Robotic surgery is one of the recent and important development in prostat cancers treatment. Less blood loss, less postoperative pain, decreases time of hospital stay, faster recovery time is important advantages for the patients . This advantages supports faster extension of this procedure in the world.
Despite several advantages, two important factors limiting anesthesia that patients steep trendelenburg position and CO2 insuflation for pneumoperitoneum . The patients are taken steep trendelenburg position (45°) and are made intraabdominal CO2 insuflation for robotic radical prostatectomy . The combination of trendelenburg position and CO2 insuflation causes cardiovascular, respiratuar, neurophysiologic changes .
Trendelenburg position push the abdominal content to the diaphragma, decreases Functional Residual Capacity (FRC) and causes atelectasis. Moreover this position increases Central Venous Pressure (CVP), Intracranial Pressure (ICP), Intraoculer Pressure (IOP), Pulmonary Vascular Pressure (PVP) and myocardial work. CO2 insuflation to the peritoneum also increases blood pressure. Frequently heart rate increases or sometimes intense bradicardia occurs. Some studies show that insuflation are increases Systemic Vascular Resistance (SVR) [5, 6]. Hypercarbia occurs but ETCO2 rarely increases to 40-60 mmHg . Venous gas embolism is the most malign complication for CO2 insuflation same as other laparascopic procedures. Other risk factors are elderly patients and other systemic diseases.
The aim of this study is compare to clinical effects of inhalation and intravenous anesthesia methods for robotic prostatectomy patients.
Material and Method
After Ethical Committee (Ethical committee No: 43, Umraniye Training and Research Hospital, Istanbul, Turkey, Chair person Prof. A. Gocmen, on 3 March 2011) approvel and patient informed consent, 42, ASA I-III status, 50-75 years, male patients scheduled for robotic radical prostatectomy were studied.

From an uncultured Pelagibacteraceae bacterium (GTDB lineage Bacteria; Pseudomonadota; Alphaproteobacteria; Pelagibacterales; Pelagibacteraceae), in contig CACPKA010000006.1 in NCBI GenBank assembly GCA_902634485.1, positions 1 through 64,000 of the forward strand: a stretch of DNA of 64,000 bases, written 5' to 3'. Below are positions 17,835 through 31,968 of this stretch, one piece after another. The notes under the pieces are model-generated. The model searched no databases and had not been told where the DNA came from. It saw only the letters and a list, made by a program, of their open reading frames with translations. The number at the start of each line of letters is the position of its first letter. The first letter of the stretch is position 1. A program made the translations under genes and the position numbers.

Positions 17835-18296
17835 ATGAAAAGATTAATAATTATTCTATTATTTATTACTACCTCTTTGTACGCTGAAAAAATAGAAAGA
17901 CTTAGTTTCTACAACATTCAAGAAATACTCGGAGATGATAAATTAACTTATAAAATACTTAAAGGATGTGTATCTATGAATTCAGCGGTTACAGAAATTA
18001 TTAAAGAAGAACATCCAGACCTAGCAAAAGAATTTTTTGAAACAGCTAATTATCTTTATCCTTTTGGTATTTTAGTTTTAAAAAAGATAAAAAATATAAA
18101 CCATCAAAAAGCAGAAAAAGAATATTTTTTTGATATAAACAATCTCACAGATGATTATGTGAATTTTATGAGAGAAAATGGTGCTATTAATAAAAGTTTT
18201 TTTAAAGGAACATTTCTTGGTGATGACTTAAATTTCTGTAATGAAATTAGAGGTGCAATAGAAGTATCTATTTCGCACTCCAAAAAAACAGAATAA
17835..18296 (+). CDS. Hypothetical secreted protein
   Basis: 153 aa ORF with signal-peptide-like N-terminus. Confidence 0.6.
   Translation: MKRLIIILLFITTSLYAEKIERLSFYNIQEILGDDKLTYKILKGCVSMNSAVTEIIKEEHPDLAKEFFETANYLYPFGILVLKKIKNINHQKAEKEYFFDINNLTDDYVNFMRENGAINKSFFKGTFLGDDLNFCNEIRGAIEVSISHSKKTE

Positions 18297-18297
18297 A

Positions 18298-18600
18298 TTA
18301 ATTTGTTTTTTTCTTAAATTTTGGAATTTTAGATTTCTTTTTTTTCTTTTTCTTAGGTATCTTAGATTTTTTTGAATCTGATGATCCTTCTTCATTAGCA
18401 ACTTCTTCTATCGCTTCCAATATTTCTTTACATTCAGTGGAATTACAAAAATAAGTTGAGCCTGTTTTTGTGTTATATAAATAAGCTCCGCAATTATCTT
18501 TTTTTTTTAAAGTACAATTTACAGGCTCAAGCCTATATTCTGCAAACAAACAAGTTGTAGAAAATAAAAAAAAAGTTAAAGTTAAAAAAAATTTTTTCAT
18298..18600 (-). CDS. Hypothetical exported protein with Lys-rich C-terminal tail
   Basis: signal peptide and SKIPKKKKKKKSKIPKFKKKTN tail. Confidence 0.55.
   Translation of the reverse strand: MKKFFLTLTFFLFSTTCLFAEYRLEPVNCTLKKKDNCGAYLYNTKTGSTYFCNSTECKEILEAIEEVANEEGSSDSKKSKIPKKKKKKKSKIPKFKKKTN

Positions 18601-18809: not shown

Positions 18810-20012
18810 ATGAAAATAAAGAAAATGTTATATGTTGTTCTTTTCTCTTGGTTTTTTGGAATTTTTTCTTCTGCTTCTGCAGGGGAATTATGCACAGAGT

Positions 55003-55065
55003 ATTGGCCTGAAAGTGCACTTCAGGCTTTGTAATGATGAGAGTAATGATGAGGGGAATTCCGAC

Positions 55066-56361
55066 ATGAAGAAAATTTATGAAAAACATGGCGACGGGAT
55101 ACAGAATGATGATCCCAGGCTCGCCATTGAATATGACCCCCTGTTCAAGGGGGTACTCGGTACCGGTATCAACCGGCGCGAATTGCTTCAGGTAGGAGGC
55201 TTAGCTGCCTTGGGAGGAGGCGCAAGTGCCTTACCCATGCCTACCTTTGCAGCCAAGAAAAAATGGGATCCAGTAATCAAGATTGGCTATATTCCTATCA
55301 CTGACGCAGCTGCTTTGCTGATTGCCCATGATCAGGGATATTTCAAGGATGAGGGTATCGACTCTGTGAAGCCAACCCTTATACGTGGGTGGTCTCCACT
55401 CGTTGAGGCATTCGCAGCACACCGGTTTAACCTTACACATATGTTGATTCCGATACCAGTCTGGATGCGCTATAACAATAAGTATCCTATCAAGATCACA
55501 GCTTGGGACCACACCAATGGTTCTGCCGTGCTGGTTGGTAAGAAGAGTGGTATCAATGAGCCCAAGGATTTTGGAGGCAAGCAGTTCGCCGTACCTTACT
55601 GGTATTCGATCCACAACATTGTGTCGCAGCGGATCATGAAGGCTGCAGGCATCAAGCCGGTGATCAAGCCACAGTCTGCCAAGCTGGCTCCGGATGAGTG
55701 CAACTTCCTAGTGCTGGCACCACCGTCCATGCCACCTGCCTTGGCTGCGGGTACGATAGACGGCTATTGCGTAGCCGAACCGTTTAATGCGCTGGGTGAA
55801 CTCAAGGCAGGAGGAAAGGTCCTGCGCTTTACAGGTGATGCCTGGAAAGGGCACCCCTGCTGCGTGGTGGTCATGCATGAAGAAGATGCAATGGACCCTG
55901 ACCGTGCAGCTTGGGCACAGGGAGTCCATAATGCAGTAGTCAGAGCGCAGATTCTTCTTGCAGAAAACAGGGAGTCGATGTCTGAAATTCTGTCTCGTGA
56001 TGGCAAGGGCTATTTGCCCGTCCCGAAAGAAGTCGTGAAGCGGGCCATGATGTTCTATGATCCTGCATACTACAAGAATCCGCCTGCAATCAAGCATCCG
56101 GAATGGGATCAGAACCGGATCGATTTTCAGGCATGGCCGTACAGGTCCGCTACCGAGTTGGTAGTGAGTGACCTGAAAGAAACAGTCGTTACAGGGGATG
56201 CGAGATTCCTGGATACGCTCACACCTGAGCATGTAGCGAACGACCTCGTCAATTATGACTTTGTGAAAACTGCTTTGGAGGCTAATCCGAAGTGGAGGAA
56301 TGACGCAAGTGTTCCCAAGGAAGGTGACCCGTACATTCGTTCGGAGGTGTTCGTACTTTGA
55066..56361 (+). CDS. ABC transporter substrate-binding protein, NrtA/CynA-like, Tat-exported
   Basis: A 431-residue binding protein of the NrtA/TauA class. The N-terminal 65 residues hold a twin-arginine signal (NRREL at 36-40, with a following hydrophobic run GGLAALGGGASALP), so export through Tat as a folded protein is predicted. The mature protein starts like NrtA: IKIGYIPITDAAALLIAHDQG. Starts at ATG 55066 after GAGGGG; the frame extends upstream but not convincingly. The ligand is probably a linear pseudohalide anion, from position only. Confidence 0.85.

Exclusion criteria included history of neurological or psychological disease, allergy to propofol, hypersensitivity or intolerance to opioids, sevoflurane and severe pulmonary or cardiovascular system disease.
Monitoring was consisted of noninvasive blood pressure, electrocardiogram (ECG), pulse oximeter (SpO2), Capnograph (ETCO2), airway pressure. MAP, HR, ETCO2, SpO2 were measured. All patients were given same anesthetics by the same anesthetist and operations were made by same surgeons. After induction with propofol 2-2.5 mgkg-1, vecuronium 0.1 mgkg-1, remifentanyl 1µgkg-1, the patients separeted (with random number in sealed envelope by the second anesthetist) two equal (n=21) group .The first group (Group S) was given sevoflurane (%1-2 MAC)- remifentanyl (0.04-0.2µgkg-1min-1) and the second group (Group P) was given propofol (4-8 mgkg-1h-1) – remifentanyl (0.04-0.2µgkg-1min-1) and both two groups were given O2-Air (%40-%60) for maintanence of anesthesia. The infusions of remifentanyl (Ultiva TM inj 1 mg vial, GlaxoSmithKline, Belgium) and propofol (Propofol %1 Fresenius Kabi AB, Upsala, Sweden) were made with 50ml injector pump (B.Braun’s Perfusor Space Syringe Pump, Germany).
Radial arter catheterization (20G arterial catheter–Bio-flon, Hayrana, India) and basilic vein catheterization (Cavafix Certo 375 B.Braun, Melsungen, Germany) were made.The catheters were connected via rigid pressure tubing, filled with saline, to a continuous-flush pressure transducer system (Gemed, double pressure tansducer set, Istanbul, Turkey).Both systems were calibrated against atmospheric pressure and both pressure transducers were connected to a monitor (Drager, Infinity Kappa, Telford, PA, USA). Blood gases analysis (with Radiometer ABL 800 Flex, Radiometer Medical Aps, Bronshoj, Denmark) were made initially, after entubation, before and after CO2 insuflation, 40th min, 1st h, 2nd, 3rd, 4th h.